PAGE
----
Game of Thrones – Season 3, Episode 9 “The Rains of Castamere” Power Rankings & Review

Rating: 5.7

 

I can already tell that I’m going to have an unpopular opinion. If you’ve been reading my reviews, you know that I’ve not been a fan of Robb’s story arc all season. I’m not terribly fond of the eldest Stark, his wife, or his army. Catelyn has always been in my heart and I love the dire wolves, so I’m grieving a little bit… just not like the rest of you.

That being said, it’s time to break down the fight for the iron throne in We Love TV More’s weekly power rankings! These rankings are based solely on my enjoyment and understanding of the events that took place in “The Rains of Castamere”, not any given character’s viability for the throne. These reviews are unadulterated by the books as I am a television reviewer, not a book reviewer.

1. The Red Wedding

I enjoyed this scene for all of the wrong reasons. Let me be clear: Robb Stark has ranked dead-last in most of my reviews for a reason: whether it’s the casting, the way these scenes are written, or simply my apathy for the actual throne grabbing related to the Starks I won’t ever fully know, but I’ve never really cared about Robb’s plot line and I still don’t. Sure, he’s dead. I still can’t reflect on seasons past and find myself giving any sort of shits. What I liked about this plot? Robb finally died and I don’t have to waste any more screen time on him or his vapid wife.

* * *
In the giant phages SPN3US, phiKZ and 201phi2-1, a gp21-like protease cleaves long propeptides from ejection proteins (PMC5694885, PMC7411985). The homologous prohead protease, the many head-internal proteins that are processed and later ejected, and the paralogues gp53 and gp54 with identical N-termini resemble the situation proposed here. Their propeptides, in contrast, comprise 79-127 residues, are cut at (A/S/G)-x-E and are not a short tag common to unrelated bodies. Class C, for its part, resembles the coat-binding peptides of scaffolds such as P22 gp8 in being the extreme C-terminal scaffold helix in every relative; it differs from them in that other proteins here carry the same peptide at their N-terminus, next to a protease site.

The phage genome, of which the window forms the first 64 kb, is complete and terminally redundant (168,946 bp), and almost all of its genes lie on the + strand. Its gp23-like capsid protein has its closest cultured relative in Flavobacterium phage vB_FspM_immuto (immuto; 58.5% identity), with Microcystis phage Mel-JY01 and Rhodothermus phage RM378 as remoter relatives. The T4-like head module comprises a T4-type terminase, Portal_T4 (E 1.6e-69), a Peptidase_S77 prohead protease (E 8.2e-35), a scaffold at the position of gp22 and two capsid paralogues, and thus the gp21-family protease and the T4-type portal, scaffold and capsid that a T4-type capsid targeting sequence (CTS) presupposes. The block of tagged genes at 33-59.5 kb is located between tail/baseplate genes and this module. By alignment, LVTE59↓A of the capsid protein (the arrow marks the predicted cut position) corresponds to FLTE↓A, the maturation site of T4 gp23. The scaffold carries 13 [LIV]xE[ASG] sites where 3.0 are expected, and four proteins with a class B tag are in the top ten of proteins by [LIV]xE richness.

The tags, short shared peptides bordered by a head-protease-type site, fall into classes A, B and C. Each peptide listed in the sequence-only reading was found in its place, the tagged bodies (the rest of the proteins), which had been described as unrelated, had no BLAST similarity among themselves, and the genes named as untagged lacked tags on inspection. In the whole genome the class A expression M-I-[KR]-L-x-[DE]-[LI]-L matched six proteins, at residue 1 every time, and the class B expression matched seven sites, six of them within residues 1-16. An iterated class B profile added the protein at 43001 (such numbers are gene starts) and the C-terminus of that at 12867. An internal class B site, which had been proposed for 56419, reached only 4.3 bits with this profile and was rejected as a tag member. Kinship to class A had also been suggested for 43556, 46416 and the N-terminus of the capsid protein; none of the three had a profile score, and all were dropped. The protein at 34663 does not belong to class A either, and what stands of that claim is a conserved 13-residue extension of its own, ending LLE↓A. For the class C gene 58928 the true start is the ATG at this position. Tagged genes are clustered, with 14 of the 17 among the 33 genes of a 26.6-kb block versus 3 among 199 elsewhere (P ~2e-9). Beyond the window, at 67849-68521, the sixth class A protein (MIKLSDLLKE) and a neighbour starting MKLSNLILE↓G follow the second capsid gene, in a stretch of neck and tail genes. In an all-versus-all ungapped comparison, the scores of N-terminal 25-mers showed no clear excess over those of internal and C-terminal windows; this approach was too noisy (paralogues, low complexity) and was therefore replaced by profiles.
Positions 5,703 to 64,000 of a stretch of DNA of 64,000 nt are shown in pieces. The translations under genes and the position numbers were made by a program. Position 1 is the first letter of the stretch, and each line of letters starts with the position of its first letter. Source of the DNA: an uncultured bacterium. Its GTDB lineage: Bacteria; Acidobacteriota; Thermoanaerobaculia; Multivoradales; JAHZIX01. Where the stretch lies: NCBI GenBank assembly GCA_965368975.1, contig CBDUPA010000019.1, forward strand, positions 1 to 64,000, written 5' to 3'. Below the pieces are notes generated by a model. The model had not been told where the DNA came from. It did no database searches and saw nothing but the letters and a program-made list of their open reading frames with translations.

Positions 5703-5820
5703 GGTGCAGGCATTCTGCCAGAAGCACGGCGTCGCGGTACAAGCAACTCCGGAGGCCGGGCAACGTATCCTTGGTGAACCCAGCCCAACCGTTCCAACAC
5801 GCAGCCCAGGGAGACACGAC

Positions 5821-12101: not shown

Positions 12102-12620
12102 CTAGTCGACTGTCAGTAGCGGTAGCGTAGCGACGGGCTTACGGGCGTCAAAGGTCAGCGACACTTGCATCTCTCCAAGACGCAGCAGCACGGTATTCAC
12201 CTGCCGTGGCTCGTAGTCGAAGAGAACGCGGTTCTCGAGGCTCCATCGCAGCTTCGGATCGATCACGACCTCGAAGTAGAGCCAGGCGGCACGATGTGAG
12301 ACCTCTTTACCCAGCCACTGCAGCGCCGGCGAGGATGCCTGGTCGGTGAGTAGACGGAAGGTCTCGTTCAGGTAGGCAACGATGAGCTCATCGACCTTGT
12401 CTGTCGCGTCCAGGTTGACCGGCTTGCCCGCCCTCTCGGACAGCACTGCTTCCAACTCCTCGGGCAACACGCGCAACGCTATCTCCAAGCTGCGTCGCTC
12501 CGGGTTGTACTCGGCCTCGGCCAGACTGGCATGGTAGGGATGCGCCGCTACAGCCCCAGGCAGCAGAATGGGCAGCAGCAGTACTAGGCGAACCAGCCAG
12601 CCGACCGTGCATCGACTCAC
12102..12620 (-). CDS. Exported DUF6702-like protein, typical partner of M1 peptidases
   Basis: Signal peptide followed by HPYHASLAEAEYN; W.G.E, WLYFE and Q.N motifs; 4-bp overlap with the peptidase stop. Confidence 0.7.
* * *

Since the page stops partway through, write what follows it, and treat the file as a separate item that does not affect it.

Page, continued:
Actually, there’s a point to be made there. I really don’t like it when women are cast because they are attractive rather than for their acting ability. I feel like I might have cared that Robb, his unborn child, and wife died if Oona Chaplin (Talisa Stark) had any acting ability whatsoever. No, this woman was cast because she had specific physical qualities and nothing more. She was never sympathetic because she could never carry a scene; furthermore, she and Richard Madden (Robb Stark) had absolutely no chemistry as a couple. For this reason I lost my investment in them a long, long time ago.

It’s known that in recent years female characters have had fewer and fewer speaking lines than male characters in film, and that female characters are far more likely to be represented as empty vessels for sex than male characters (also shown nude—fully—with significantly higher frequency compared to their male counterparts). The epitome of this can be seen in the casting of Oona Chaplin as Robb’s wife Talisa. Her character was rushed and represented solely as a symbol of sexual desire. She rarely spoke, and when she did she needed to be taught about the culture she chose to reside in by her male counterpart, thereby losing much of her agency. Talisa Stark is a prime example of what is wrong in the film and television industries. This is precisely why I am not upset that she is gone. I am hoping for a strong, inspiring female character to be left in her stead.

Catelyn Stark, however, was a strong female character; I will mourn the death of the Stark matriarch and her eldest son’s dire wolf. I really liked Catelyn as a character; she always did things the way I’d want her to, she never took “no” for an answer. Michelle Fairly (Catelyn) was a phenomenal actress in this series and her presence will be sorely missed.

2. Arya Stark

I mean, who couldn’t be heart broken with little Arya? It’s mostly a shame that the Hound got her to the wedding in time because I’m sure that learning of her mother’s death would have been much easier than semi-witnessing it (she only saw her mother’s men die, but I’m sure that’s enough to continue with the theme of traumatizing Arya with parental death).

3. Daenerys Targaryen